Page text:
a) the payroll and other income from work paid or credited, in any capacity, to the individual who provides services, even without an employment relationship;
Art. 201. Social security will be organized in the form of a general regime, of a contributory nature and mandatory membership, observing criteria that preserve the financial and actuarial balance, and will meet, under the terms of the law, the
The employee's usual earnings, in any capacity, will be incorporated into the salary for the purpose of social security contribution and consequent impact on benefits, in the cases and in the form of the law.

“In this regard, it should be noted that the Constituent Power referred to the legal scope the definition of cases in which the employee's usual earnings are incorporated into the salary for purposes of social security contribution, pursuant to the provisions of art. 201, §11, of the Constitution of the Republic.” Min. Luis Roberto Barroso, also in his vote, along the same lines, points out how unreasonable it would be to intend to limit the field of action of the ordinary legislator, restricting the scope of the expression “payroll”. The Minister recognizes that, based on the broad basis defined by the constitution, it is incumbent upon federal legislation to define the basis for calculating the tax. Check it out:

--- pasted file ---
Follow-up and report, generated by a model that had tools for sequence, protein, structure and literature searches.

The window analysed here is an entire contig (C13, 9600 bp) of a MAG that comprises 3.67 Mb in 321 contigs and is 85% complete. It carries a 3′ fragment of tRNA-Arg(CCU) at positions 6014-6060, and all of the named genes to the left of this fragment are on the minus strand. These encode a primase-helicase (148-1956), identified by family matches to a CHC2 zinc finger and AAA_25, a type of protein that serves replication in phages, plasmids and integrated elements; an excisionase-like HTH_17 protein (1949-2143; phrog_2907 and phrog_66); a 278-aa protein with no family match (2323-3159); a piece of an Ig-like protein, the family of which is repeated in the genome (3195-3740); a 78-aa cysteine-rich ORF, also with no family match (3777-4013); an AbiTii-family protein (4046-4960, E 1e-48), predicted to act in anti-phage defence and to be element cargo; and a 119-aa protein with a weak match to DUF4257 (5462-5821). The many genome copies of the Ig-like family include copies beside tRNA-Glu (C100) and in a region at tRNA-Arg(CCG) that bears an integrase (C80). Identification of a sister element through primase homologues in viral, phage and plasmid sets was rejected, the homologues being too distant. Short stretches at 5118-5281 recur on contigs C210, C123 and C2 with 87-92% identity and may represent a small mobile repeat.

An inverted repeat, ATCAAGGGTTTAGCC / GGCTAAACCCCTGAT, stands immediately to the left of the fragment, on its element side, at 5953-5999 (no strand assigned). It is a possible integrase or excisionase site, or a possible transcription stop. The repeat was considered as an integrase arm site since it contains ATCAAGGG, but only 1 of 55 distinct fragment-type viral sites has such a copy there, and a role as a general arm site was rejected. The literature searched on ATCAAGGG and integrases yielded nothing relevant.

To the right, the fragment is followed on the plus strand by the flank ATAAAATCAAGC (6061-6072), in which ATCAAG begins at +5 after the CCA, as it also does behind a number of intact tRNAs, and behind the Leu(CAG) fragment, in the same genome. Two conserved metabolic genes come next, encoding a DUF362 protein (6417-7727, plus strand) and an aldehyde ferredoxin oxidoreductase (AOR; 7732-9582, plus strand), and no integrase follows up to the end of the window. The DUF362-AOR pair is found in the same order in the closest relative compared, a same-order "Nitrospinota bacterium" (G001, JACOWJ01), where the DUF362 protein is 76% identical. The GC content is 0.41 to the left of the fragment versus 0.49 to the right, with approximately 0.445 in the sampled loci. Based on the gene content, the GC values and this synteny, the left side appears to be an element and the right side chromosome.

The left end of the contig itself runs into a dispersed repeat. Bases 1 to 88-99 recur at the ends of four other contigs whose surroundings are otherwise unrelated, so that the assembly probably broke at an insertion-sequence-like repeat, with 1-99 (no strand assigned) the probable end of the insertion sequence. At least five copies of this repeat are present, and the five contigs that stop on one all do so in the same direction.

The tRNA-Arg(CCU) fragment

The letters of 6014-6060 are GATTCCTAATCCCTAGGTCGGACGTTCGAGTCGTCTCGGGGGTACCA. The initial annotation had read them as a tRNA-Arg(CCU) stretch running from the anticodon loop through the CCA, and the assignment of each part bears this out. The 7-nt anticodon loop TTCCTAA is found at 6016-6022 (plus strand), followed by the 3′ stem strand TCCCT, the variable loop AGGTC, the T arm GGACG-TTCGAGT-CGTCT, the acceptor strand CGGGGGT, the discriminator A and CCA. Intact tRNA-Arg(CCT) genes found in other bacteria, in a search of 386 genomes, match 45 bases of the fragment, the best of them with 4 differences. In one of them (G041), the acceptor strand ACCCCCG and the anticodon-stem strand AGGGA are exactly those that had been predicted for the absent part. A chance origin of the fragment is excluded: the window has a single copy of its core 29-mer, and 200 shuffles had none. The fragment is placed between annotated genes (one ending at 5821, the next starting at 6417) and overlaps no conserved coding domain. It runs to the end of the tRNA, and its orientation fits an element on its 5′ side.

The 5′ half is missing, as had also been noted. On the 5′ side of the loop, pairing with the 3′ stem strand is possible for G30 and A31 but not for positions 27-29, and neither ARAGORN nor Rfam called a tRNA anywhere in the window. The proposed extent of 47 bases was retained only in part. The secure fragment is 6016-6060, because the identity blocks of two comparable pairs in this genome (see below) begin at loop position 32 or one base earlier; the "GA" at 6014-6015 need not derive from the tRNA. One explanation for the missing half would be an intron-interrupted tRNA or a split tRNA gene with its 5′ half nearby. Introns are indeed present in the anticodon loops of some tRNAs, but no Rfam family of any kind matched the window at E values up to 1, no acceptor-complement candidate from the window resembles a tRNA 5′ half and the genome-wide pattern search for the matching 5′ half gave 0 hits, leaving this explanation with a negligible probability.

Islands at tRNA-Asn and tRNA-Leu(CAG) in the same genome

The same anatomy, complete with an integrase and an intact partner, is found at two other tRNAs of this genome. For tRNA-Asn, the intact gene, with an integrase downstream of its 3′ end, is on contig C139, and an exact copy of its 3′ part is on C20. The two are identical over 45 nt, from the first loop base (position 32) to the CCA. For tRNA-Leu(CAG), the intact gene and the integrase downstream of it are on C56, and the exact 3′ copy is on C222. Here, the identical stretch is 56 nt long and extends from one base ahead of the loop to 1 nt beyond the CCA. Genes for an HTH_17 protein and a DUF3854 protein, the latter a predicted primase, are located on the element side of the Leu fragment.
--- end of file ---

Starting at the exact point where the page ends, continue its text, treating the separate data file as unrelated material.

The new rule of competence of the employer contribution, provided for in art. 195, I, a, of the Constitution, leaves no doubt as to the possibility of including in the contribution calculation basis, in addition to salary amounts, “other earnings from work paid or credited in any capacity.” Thus, after the change in the constitutional text, it seems even more inappropriate to intend to limit the reasonable scope of action of the ordinary legislator to define the basis for calculating such a tax. It is, as in many tax cases, an attempt to legalize a discussion that is eminently one of fiscal policy and not of constitutional law.